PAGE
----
Tuesday, April 28, 2015

If ye are Prepared, ye shall not Fear.

Last week we had "changes". We sent home 5 missionaries on Monday and welcomed 7 new missionaries on Tuesday morning at 8:00 am. This was a smaller group and it is nice because it can be a little more personal. Then at 11:00 am, other transfers and change of companions was revealed to about 100 missionaries. It is pretty crazy. The first couple of times that Mark and I did this, it was pretty hard and we got a little stressed out. But eventually, we figured out what we were doing and it got a lot better. We have learned now to relax and enjoy the process.

                                                A fine group going home: Zone Leaders and
                                                                Sister Training Leaders

When the new missionaries arrive on Tuesday morning, we have a fun tradition. The first thing we do is take them to the beach! It is the only time on their mission they can go there. The beach is off limits to missionaries. The beach is about 15 minutes from Chiclayo and is in a small town called Pimentel. We take the missionaries down on the beach and have them make a boat out o fa pice of thin paper. Then my husband tells them a story about Fernandez Cortez. In the 1500's he came from Spain to conquer Mexico. Many before him had tried and failed. But this time was different. After getting settled on the land, Cortez commanded his men to burn all the boats. For these men, the decision was either to conquer or die because they were never returning to Spain.

                                               An excited new group at Pimentel Beach

After telling this intriguing story, my husband commands all the missionaries to burn their boats! They are each given a lighter and literally burn their boats. My husband explains that there is no going back and we are all Peruvian now. It is a powerful moment for some. But if nothing else it is really fun! Who knew that a mission could be that fun!

My husband always makes the Assistants get a trash barrel full of water to throw the burning boats in. After getting soaking wet a couple of times, they got smart and started asking people on the beach to fill it up for them. It has been a good thing, as some have been curious about what we are doing and we have been able to make a few contacts!

                                          Those are two huge headless fish hanging from the
                                           trunk of the car. There were two on top also. No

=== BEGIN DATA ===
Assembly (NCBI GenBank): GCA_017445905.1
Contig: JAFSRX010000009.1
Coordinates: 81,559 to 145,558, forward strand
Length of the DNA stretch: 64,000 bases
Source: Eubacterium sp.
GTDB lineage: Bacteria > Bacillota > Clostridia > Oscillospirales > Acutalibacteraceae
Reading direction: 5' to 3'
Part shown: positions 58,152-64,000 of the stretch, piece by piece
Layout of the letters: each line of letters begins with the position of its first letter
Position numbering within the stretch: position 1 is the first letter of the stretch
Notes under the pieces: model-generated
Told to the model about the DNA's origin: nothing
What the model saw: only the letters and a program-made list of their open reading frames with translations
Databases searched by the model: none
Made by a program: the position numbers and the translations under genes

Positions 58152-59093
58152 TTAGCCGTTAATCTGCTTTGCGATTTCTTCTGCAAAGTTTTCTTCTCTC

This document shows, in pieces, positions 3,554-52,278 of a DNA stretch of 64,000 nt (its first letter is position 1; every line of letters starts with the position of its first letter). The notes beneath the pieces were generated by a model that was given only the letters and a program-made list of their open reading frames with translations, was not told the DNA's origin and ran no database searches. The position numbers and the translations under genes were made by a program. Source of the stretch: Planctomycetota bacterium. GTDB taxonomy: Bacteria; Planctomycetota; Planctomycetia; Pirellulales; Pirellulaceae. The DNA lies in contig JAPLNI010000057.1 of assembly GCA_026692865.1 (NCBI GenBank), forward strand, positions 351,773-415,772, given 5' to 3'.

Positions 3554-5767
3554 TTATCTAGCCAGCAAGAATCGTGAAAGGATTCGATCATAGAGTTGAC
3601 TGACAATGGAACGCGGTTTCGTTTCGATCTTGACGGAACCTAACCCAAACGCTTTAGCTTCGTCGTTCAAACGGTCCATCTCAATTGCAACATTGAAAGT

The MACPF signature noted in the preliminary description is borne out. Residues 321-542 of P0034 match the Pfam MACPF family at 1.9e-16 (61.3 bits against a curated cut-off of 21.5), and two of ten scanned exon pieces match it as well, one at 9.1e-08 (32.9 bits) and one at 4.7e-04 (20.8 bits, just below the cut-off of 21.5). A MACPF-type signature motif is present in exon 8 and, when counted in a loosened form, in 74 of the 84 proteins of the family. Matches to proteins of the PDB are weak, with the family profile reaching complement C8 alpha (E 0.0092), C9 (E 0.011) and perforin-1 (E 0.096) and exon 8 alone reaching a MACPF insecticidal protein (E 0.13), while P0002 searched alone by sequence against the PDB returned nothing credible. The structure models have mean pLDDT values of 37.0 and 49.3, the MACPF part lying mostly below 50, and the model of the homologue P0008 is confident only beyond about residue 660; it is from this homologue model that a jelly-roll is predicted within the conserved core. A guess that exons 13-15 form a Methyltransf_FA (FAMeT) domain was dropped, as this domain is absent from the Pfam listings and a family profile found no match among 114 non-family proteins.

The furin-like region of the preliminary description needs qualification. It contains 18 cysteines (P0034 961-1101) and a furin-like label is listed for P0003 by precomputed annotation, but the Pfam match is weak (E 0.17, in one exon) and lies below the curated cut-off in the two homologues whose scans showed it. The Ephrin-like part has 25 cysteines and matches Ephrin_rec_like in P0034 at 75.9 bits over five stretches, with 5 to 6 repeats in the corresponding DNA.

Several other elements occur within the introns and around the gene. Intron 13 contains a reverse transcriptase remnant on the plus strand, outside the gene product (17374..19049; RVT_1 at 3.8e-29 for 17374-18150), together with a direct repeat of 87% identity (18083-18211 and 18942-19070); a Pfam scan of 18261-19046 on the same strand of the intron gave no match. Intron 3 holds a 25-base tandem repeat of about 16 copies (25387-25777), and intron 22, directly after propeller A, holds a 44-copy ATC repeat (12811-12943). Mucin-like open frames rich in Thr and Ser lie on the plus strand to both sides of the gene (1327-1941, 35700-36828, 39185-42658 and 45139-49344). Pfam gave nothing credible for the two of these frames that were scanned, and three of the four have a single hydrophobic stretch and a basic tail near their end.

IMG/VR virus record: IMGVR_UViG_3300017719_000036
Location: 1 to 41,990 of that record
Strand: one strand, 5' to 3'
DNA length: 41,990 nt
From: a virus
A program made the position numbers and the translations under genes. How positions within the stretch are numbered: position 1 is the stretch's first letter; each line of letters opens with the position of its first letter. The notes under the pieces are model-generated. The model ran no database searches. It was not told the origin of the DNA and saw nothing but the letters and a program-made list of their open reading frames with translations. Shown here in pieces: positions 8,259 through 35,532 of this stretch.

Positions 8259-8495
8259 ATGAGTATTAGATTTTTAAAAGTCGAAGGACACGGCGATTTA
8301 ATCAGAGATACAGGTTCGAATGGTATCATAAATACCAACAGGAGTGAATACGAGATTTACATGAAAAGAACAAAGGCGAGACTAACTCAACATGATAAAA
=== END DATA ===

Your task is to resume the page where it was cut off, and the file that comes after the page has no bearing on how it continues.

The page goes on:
wrap or cover. This was a definite Peruvian
                                                                  moment for us!

The past week has been pretty memorable for us. On Saturday, April 18, 2015, Mark had the priviledge of baptizing a man that he had the opportunity to interview. It was a great occasion. His wife has been a member for a year and three months. She bore a beautiful testimony at the baptism. They also have a six year old son. These to me, are always the best baptisms, that unite a family in the gospel. It is such a beautiful thing for the whole family to be members and to start preparing to go to the temple. This is what missionary work is all about.

                                              Baptism of Antonino Maldonado Mendeza

On the following Saturday, April 25, 2015, we had the priviledge to witness the baptism of Jose, Lisbeth, Joseline and Daniella. What a wonderful occasion. The Spirit was so strong and there were so many members there to support them. I had the opportunity to play the piano and the hermanas who taught them, sang a duet of "When I am Baptized" and "He Sent His Son". There have been a few times in my fifty three years when I have felt the Spirit so strongly helping me to play each note on the piano perfectly, but this was one of those times. Through music, a beautiful spirit was brought to the baptism. After the baptism all four, individually, bore their testimonies and it was unforgettable, the spirit we all felt. These are true converts to the gospel. They bore their testimonies of the Book of Mormon, of Joseph Smith, of the restoration of the gospel and of Jesus Christ. It was absolutely a perfect day.

                                             The Baptism: Hermana Thruston, Daniella,